Similarly, Mrs. Nakamura’s mind was only on her children. As she uncovered the youngest from the rubble, she heard the voices of the other two. All three of her children were dirty and bruised, but unhurt- all of them were only in underwear, and she began to pile clothes onto them irrationally. As they walked forward, she saw that the person who had sacrificed his home for others’ safety was dead, and his baby was cut. Mrs. Nakamura did not have band aids, but she crawled back to her house and pulled out white cloth. On the way, she saw her sewing machine- the symbol of her livelihood and safety. She knew she could not carry it with her, so she dumped it into the cement tank of water in front of her house. Finally, carrying her items, she and her children leave for an evacuation estate by Kyo River. They pass by the Jesuit mansion, and Mrs. Nakamura catches sight of Father Kleinsorge running out in just his underwear, a suitcase in hand.

Father Kleinsorge and another Father began to help the people around them who were buried in rubble. He uncovered the Hoshijima woman and her daughter, neither of them being badly hurt, and heard of a doctor a few blocks away who had bled to death. He then hurried back inside to fetch some of his belongings which he wanted to save. At this time, two other Fathers wanted to go to Dr. Fujii’s hospital, as they were spurting blood- but it had been completely destroyed, and there was fire surrounding it and blocking their path. Dr. Fujii’s hospital is indeed in shambles. At the location, the doctor himself is puzzled and disoriented for twenty minutes. He and his colleagues observe people with burns and scratches, wondering what happened. Dr. Fujii notes the heavy winds and the constant bursts of fire, quickly helping as many injured people as he can. Several of the hospital nurses and patients died, and Dr. Fujii never saw his niece again. As they waited for the fires to die down, he came to know that the only uninjured doctor at the big Red Cross Hospital was Dr. Sasaki.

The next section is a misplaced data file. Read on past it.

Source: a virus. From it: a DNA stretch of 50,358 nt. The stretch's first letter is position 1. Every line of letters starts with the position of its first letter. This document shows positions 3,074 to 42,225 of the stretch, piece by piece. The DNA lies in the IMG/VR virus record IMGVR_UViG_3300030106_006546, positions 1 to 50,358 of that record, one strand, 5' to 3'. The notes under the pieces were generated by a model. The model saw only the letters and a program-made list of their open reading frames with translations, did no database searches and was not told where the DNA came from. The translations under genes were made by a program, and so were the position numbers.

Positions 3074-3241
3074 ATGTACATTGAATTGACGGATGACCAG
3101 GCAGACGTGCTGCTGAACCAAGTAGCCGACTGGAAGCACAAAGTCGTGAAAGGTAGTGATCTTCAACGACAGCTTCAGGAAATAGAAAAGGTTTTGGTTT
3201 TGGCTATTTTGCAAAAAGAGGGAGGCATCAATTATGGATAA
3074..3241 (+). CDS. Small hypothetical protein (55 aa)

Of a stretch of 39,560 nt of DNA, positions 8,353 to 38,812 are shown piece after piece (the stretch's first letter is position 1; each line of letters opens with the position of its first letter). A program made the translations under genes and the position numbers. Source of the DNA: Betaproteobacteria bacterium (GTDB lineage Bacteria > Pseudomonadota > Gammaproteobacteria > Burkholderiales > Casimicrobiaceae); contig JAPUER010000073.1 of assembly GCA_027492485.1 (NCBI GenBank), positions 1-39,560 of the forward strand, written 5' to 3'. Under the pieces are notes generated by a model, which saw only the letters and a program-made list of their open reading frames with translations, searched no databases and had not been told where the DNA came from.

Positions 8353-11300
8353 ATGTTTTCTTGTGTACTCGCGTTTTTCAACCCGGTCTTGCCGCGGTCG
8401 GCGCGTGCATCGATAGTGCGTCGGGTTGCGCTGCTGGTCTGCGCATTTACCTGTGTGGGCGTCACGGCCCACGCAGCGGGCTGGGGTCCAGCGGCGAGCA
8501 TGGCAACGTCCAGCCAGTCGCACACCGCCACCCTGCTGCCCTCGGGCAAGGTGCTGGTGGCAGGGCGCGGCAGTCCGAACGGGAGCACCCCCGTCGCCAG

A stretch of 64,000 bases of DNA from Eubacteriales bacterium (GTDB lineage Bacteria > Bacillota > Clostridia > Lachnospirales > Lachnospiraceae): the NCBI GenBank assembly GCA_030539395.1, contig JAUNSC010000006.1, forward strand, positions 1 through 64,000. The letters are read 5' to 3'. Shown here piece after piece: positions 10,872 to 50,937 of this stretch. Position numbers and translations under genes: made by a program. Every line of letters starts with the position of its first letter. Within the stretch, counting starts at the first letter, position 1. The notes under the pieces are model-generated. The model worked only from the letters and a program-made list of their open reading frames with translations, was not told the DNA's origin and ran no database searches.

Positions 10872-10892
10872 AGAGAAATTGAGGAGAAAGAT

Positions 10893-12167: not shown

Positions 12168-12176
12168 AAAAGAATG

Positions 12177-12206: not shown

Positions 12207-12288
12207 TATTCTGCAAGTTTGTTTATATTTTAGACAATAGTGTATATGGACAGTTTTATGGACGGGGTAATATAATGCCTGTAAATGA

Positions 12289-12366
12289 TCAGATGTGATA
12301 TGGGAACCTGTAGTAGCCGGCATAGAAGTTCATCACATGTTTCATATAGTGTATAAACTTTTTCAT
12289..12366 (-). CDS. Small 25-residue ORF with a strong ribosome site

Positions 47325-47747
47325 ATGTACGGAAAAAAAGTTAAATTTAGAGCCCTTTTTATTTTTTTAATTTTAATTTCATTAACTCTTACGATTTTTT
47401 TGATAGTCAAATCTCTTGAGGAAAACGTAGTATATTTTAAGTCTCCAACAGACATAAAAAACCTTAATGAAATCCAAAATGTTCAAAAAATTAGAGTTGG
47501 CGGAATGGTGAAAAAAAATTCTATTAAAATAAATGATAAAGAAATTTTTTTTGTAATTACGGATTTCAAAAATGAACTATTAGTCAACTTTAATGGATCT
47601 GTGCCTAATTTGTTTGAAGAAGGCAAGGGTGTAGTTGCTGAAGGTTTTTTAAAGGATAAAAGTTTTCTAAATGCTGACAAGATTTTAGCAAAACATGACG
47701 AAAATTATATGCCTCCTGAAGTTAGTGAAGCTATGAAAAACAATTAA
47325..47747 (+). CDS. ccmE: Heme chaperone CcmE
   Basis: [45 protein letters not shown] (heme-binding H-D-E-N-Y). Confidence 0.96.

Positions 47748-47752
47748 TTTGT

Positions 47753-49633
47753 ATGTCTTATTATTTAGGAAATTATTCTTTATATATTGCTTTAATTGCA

Dr. Sasaki was working without structure- he was trying to tend to everyone he could, but eventually prioritized the ones who were the worst injured. Thousands of people were pouring in, there were cries everywhere asking him to help the ones who were severely injured. He lost all sense of sympathy and professionalism and almost became like a machine, automatedly going through the medical procedures. However, the luxury of hospitalization is not available to everyone- at that very moment, Miss Sasaki (not related to Dr. Sasaki) was unconscious under piles of furniture and bookshelves for three hours before she opened her eyes. It was pitch black and she felt pain on her leg, so sharp that she thought it had been cut off below the knee. Eventually, she felt movement above her, and several people, all caught beneath the debris, began crying for help.